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WSJ iPad subscription officially $17.29 per month

Posted in iPad by Conner Flynn on April 2nd, 2010

We now have the official price for the WSJ iPad app subscription: $3.99 per week with a monthly credit card charge of $17.29. For that price you get subscriber-only content areas like Business and Markets with access to a 7 day archive that can be downloaded and read at any time.

It also offers personalization features and you can save sections and articles for later reading. Without the subscription, the free WSJ iPad app will give you top articles and market data. Here’s the strange thing, a subscription to both the print and online versions of the Wall Street Journal will currently cost you just $2.69 per week (plus 2 weeks free) for a monthly bill of $11.67.

WSJ on iPad for $17.99 a month

Posted in iPad by Conner Flynn on March 25th, 2010

The Wall Street Journal is running a piece on itself, quoting “a person familiar with the matter” who says that The WSJ plans to charge subscribers $17.99 per month for iPad subscriptions. That’s not a bad price, since the print version of the WSJ costs about $29 per month. But is it in line with what people want to pay for the content digitally?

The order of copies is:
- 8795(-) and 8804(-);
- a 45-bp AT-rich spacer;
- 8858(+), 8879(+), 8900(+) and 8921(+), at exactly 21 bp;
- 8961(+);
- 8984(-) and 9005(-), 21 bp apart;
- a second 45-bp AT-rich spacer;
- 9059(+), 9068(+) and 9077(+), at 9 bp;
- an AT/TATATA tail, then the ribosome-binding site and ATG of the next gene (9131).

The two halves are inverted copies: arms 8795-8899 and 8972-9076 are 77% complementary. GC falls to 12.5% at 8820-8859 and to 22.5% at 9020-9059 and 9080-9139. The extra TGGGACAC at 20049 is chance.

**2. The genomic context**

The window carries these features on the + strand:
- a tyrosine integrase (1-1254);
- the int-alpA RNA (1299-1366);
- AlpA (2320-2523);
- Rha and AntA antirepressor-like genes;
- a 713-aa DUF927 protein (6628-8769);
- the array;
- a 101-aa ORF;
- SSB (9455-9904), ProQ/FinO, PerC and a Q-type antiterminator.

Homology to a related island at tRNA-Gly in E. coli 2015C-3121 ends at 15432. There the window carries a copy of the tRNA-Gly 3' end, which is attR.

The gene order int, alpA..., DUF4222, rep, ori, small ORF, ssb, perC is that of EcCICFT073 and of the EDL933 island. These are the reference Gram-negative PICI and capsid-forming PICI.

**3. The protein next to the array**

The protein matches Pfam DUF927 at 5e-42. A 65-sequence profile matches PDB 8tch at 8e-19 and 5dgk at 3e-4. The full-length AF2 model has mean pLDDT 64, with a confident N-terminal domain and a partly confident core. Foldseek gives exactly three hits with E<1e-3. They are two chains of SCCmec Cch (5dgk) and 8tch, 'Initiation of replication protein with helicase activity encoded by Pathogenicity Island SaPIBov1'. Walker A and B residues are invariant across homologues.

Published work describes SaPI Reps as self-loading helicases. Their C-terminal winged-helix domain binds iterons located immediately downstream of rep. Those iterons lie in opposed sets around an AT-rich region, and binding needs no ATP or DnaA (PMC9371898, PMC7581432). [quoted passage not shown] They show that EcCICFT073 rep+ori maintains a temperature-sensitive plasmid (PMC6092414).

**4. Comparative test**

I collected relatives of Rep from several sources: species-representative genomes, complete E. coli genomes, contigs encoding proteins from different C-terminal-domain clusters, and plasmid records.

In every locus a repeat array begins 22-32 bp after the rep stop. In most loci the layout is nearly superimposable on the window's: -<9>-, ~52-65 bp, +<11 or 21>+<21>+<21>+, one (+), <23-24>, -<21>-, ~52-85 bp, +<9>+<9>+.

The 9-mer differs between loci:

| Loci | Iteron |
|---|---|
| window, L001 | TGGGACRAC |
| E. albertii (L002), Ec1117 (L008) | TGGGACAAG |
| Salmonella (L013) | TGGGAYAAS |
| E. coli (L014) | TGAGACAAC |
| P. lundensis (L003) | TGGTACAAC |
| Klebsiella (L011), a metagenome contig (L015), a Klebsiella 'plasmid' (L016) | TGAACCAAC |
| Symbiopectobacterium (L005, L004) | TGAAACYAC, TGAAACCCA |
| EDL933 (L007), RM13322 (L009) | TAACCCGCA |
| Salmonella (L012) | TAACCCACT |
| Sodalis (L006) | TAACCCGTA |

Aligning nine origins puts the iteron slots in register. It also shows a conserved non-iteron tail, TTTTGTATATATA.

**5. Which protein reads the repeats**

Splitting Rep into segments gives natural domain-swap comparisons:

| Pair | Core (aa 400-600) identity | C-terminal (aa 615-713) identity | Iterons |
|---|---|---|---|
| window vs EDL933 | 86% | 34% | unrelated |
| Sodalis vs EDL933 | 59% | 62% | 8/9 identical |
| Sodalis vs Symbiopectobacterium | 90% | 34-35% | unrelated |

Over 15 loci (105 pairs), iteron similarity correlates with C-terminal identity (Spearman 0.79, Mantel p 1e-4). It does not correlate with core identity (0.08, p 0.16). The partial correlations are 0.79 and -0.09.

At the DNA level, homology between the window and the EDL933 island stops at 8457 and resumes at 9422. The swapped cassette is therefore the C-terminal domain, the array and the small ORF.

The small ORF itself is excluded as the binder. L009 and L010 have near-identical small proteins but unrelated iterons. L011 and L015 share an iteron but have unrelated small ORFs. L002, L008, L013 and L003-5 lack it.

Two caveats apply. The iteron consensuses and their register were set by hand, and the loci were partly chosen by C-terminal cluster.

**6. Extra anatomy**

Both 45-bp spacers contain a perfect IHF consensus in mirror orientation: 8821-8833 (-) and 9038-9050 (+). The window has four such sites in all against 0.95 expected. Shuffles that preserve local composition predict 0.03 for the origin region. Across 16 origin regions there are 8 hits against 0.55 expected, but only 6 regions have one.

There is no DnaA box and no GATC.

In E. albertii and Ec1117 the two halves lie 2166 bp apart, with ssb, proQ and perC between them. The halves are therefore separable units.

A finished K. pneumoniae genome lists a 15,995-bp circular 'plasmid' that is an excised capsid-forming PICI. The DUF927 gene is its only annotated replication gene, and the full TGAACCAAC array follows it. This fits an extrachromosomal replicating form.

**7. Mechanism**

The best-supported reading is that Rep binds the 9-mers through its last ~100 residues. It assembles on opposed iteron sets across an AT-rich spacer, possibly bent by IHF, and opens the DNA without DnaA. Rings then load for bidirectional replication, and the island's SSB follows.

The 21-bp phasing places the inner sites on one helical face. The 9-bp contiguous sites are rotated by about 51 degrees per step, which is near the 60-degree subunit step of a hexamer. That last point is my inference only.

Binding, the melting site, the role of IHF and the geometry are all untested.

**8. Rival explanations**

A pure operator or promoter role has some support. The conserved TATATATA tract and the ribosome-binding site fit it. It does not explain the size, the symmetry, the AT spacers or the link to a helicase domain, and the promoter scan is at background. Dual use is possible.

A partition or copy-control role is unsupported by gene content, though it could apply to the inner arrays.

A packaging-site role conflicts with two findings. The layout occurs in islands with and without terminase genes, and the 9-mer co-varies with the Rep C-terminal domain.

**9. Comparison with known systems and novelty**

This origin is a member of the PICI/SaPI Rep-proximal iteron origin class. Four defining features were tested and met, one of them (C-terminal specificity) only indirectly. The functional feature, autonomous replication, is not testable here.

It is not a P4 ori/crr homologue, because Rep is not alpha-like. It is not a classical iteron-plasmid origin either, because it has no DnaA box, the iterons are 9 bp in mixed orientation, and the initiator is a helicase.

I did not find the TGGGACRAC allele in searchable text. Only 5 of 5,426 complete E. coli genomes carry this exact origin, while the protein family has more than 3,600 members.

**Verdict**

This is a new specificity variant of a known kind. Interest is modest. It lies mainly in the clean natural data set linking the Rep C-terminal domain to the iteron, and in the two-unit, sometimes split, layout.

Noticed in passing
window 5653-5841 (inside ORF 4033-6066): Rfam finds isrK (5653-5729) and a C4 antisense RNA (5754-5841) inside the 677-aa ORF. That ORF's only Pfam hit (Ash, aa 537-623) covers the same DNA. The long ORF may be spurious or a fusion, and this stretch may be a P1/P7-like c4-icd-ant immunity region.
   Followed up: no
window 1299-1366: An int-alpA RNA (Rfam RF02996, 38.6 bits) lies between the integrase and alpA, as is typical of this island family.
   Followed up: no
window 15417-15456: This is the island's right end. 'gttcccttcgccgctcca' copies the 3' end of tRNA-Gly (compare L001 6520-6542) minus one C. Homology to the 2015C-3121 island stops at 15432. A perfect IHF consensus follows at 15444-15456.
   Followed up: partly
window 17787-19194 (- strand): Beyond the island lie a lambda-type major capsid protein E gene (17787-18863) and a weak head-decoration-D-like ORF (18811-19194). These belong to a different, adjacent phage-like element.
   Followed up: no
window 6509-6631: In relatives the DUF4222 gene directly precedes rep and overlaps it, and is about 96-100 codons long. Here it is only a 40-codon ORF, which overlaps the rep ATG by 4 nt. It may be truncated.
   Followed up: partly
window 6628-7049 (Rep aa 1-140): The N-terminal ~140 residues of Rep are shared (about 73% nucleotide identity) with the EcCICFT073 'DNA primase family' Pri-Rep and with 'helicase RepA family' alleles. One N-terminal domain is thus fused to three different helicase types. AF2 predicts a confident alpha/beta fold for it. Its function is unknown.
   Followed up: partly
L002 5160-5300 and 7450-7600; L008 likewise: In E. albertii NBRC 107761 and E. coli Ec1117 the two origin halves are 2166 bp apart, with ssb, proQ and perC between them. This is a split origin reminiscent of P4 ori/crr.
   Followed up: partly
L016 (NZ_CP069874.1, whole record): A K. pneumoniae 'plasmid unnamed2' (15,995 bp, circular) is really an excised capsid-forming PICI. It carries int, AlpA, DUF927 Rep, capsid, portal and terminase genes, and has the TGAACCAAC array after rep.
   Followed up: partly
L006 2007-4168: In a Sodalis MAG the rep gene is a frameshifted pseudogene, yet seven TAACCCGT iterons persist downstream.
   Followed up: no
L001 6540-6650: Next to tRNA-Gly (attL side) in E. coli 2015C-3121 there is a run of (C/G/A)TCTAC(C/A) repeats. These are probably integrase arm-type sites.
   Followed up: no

Magazines are apparently ready to offer weekly or monthly editions from the start, not annual subscriptions. According to sources, the April issue of Esquire magazine will arrive in downloadable format without advertisements for only $2.99, which is $2 less than the newsstand price, and will include five music videos to show off the device’s multimedia. Then there’s a full iPad issue of Men’s Health that matches the $4.99 regular price.

WSJ confirms Microsoft’s motion-sensing 3D camera for Xbox 360

Posted in Xbox 360 by Conner Flynn on May 12th, 2009

Xbox 360 getting full-body motion control?Craving news about Microsoft’s full body motion control trick? The Wall Street Journal can help. They’ve confirmed that Microsoft is in fact “developing a new videocamera for its Xbox 360 videogame console that will allow players to control games with the movement of their bodies,”.

Unlike Nintendo’s Wii, the Microsoft camera won’t require gamers to “hold any hardware in their hands to control in-game action,”. We may just see it debut at E3.